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Madeleine M. Kunin Headshot

Binders Full of Women?

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Governor Mitt Romney was not completely off-key when he boasted about asking for "binders full of women" to fill positions in his administration. Never mind that he didn't ask for them -- they were given to him and his opponent by a women's organization way before the election.

I give him credit for realizing that he had to take a look at those bulging binders if he wanted to have an administration that was not smothered in testosterone. It didn't look good, even in 2004 for a governor to greet his constituents with an all-male cabinet.

Why is a deliberate strategy of outreach for capable women still necessary? The answer is networks. CEOs draw on their own networks -- the guys they went to school with, those in their clubs, in the gym, wherever men meet. That's the comfort zone.

When I was elected Governor of Vermont, I didn't need to ask for binders filled with capable women. I had my own network; I was deluged with female applicants. Of course, we also did outreach, and we looked for both qualified men and women. Any smart executive understands that to find the best talent she has to explore new territory that lies beyond familiar geography. That applies not only to gender, but also to race, religion, background and age.

I also believe the word "qualified" has to be re-examined. Most often qualifications are defined by the credentials of the person who last held the job. If that is to continue to be the litmus test, white males will continue to be the top choice on any list, if the interviewer is also a white male. That is one reason that only 3.6 percent of Fortune 500 companies are led by women, and 17 percent of the members of Congress are female.

We tend to favor people who are more or less like us. That lesson became clear to me when I was Governor and interviewed two applicants for the position of counsel in the Department of Banking and Insurance in the 1980s. One man in his mid 30's was extremely confident. Yes, he worked in another agency in state government, but he was certain that his skills were readily transferable from one area of expertise to another. His resume was uninterrupted -- college, law school, clerkship and a series of jobs, each one slightly better than the last.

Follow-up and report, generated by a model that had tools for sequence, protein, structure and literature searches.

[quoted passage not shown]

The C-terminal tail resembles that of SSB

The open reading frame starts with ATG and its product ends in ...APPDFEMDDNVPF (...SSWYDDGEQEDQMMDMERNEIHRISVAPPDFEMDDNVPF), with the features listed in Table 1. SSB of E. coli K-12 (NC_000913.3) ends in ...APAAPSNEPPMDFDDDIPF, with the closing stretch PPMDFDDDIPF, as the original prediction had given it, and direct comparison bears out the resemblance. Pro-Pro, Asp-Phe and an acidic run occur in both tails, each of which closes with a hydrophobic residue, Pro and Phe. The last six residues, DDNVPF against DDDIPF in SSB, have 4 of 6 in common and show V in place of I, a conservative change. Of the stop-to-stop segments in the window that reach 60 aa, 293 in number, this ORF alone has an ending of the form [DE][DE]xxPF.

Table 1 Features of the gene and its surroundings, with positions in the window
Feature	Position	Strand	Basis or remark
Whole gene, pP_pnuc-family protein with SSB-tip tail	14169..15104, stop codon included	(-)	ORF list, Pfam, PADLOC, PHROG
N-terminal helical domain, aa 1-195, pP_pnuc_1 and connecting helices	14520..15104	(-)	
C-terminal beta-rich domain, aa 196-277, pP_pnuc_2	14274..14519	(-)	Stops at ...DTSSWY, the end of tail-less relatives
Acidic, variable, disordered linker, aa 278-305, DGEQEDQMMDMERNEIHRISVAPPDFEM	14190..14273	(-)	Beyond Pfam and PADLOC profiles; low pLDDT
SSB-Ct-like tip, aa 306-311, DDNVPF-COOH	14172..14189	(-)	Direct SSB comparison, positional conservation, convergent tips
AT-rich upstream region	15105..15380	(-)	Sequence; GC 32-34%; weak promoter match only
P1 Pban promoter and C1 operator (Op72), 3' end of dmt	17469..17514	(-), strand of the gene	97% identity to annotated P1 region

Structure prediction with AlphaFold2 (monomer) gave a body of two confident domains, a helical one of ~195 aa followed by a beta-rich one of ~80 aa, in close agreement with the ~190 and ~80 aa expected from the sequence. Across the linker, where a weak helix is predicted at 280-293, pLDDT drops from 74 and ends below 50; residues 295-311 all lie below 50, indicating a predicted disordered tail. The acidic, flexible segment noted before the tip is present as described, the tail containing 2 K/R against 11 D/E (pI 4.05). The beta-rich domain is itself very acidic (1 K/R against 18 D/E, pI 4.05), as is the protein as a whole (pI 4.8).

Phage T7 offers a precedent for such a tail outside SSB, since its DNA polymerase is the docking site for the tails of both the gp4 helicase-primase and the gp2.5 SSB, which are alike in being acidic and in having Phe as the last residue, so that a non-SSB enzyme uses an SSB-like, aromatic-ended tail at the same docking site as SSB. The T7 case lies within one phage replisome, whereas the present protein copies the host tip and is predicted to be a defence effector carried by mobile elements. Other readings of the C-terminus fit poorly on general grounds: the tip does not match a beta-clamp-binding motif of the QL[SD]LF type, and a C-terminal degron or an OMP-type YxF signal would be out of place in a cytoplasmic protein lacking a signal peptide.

The other applicant was a woman in her late 40's. She explained that she had worked in banking and insurance in Washington DC but she could not completely comply with the job description. She was meticulously specific about what she did and did not know. When I looked at her resume I discovered that eight years were blank. She explained she was busy bringing up her two children. Her law degree was recent; she had gone back to law school after her children had reached school age.

As a mother of four children my self, I had stayed home for ten years. My resume had holes in it.

Based on my experience, I understood that those empty years on her resume were not lost years, but represented gains by being a member of her community, raising children and serving as a volunteer.

I know that if I were a man reading both resumes and interviewing both candidates, I would have concluded that he was clearly the most qualified. He would have been similar to me and likely, similar to the person who held the position before him.

But as a woman, her resume resonated with me because she was most like me. Women's resumes are more likely, even today, to have more white space than most men's, as women continue to be flummoxed by trying to integrate their family and work lives. Some women may take a few years off, some will work a part-time schedule and others may take less demanding jobs than they are qualified for only to do the near impossible job of juggling work and family. That less than linear resume does not mean that they are less qualified for a top job.

Women filled half of the top jobs in my administration. Almost all had non-traditional resumes.Almost none of then had substantial administrative experience. Several were "firsts" in their field. Every one of them outperformed expectations.

It's time for male leaders to not only ask for binders of qualified women, but to re-write the definition of "qualified." The best man for the job, may in fact, be a woman, whose biography is not traditional, but is rich with experiences and skills that are not necessarily learned either in school or on the job.

These are called "life."